Increased migration of doctors and medical students

The past ten years have seen an increase in migration of doctors, as well as medical students. One quarter of practicing physicians in the U.S. are foreign born. Among countries (see table below) that percentage varies greatly. Advanced countries in general are experiencing a doctor shortage – not just the U.S.

The OECD reports that between 2010 and 2016, the proportion of foreign-born doctors across these OECD countries rose by 3% to 27% in 2016. The trend for nurses is similar with the percentage in 2016 at 16%.

Between 2000 and 2010, the proportion of foreign-trained doctors registered to practice medicine in Ireland rose from 13.4% to 33.4%.

Half of all medical students in Ireland are international students, nearly a third in Romania and a quarter in Poland. Many medical schools, such as in Central and Eastern Europe, have programs in English. (Go here.)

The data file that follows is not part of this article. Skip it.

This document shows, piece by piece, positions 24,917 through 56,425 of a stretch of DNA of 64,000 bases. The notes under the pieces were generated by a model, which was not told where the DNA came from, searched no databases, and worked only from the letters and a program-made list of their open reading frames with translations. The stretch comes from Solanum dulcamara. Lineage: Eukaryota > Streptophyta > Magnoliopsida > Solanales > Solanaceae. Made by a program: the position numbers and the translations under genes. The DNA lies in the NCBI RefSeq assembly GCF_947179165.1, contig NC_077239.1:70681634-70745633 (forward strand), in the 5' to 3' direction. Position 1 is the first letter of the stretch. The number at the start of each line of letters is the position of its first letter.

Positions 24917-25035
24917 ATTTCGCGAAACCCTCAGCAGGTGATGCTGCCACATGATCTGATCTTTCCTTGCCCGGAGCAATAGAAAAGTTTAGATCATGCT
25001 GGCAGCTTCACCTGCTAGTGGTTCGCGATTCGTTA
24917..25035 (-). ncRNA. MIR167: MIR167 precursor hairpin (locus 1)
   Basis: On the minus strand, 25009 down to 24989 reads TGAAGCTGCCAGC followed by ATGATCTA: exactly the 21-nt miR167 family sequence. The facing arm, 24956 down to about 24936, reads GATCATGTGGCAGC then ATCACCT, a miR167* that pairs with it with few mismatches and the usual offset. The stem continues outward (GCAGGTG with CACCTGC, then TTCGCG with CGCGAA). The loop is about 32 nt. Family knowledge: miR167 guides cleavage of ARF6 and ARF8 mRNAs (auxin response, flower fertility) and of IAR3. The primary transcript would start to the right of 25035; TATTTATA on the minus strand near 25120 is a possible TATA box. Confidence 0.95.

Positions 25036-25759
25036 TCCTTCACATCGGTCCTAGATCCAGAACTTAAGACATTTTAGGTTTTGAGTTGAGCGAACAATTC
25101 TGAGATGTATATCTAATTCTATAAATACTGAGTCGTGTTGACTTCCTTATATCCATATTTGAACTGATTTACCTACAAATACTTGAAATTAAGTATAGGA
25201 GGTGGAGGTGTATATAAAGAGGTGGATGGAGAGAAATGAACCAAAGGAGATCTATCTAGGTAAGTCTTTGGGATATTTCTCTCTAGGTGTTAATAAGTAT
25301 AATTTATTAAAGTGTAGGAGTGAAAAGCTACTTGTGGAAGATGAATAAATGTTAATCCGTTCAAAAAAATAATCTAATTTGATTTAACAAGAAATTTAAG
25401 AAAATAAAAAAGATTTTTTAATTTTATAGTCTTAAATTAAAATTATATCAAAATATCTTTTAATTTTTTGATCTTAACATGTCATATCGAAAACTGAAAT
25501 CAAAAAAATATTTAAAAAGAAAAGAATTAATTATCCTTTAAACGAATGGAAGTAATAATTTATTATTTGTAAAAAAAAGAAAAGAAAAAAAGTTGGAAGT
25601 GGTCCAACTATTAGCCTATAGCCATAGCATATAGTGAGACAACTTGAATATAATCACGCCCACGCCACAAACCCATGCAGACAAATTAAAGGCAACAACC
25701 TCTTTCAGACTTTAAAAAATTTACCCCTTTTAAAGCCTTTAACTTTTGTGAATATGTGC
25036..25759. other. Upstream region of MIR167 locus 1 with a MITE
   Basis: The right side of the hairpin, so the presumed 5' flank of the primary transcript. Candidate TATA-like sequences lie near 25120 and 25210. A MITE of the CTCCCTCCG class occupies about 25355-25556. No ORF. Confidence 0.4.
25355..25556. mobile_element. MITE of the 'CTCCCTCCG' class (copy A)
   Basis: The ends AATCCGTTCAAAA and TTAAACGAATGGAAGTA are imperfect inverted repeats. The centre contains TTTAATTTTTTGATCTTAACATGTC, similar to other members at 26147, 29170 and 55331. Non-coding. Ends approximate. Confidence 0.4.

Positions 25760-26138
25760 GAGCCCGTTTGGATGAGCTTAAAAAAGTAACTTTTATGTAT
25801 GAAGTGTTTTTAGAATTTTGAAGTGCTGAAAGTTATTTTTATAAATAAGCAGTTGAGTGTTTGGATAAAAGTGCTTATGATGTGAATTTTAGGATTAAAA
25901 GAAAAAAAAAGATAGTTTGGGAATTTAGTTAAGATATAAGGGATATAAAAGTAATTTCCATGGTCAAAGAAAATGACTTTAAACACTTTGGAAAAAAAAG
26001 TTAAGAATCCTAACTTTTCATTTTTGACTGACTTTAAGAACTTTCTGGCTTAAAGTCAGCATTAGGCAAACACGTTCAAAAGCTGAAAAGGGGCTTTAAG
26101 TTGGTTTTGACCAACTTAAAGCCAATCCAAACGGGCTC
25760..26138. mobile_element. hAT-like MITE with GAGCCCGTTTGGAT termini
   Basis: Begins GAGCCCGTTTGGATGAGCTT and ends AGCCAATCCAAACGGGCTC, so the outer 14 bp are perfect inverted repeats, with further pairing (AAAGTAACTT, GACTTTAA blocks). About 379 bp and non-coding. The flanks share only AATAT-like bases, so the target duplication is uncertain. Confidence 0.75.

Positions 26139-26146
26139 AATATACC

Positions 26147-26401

Noted medical writer and Atul Gawande’s parents are from India. Here is there background: Atmaram Gawande was born in 1934 to a family of seven brothers and five sisters in the village of Uti, Maharashtra, in western India. After graduating from the Nagpur Medical College in 1962, the elder Gawande moved to New York City to train in general surgery, where he ended up meeting Sushila, a paediatrician who he would go on to marry. Sushila herself had moved to the US from Ahmedabad, Gujarat.

In 1973, a few years after Atul and his younger sister Meeta were born, the Gawandes decided to move to Athens, Ohio, a small town that was looking for doctors. In Athens, Gawande senior went on to become a well-known urologist at the O’Bleness Memorial Hospital, serving over 25,000 local patients.

From here.

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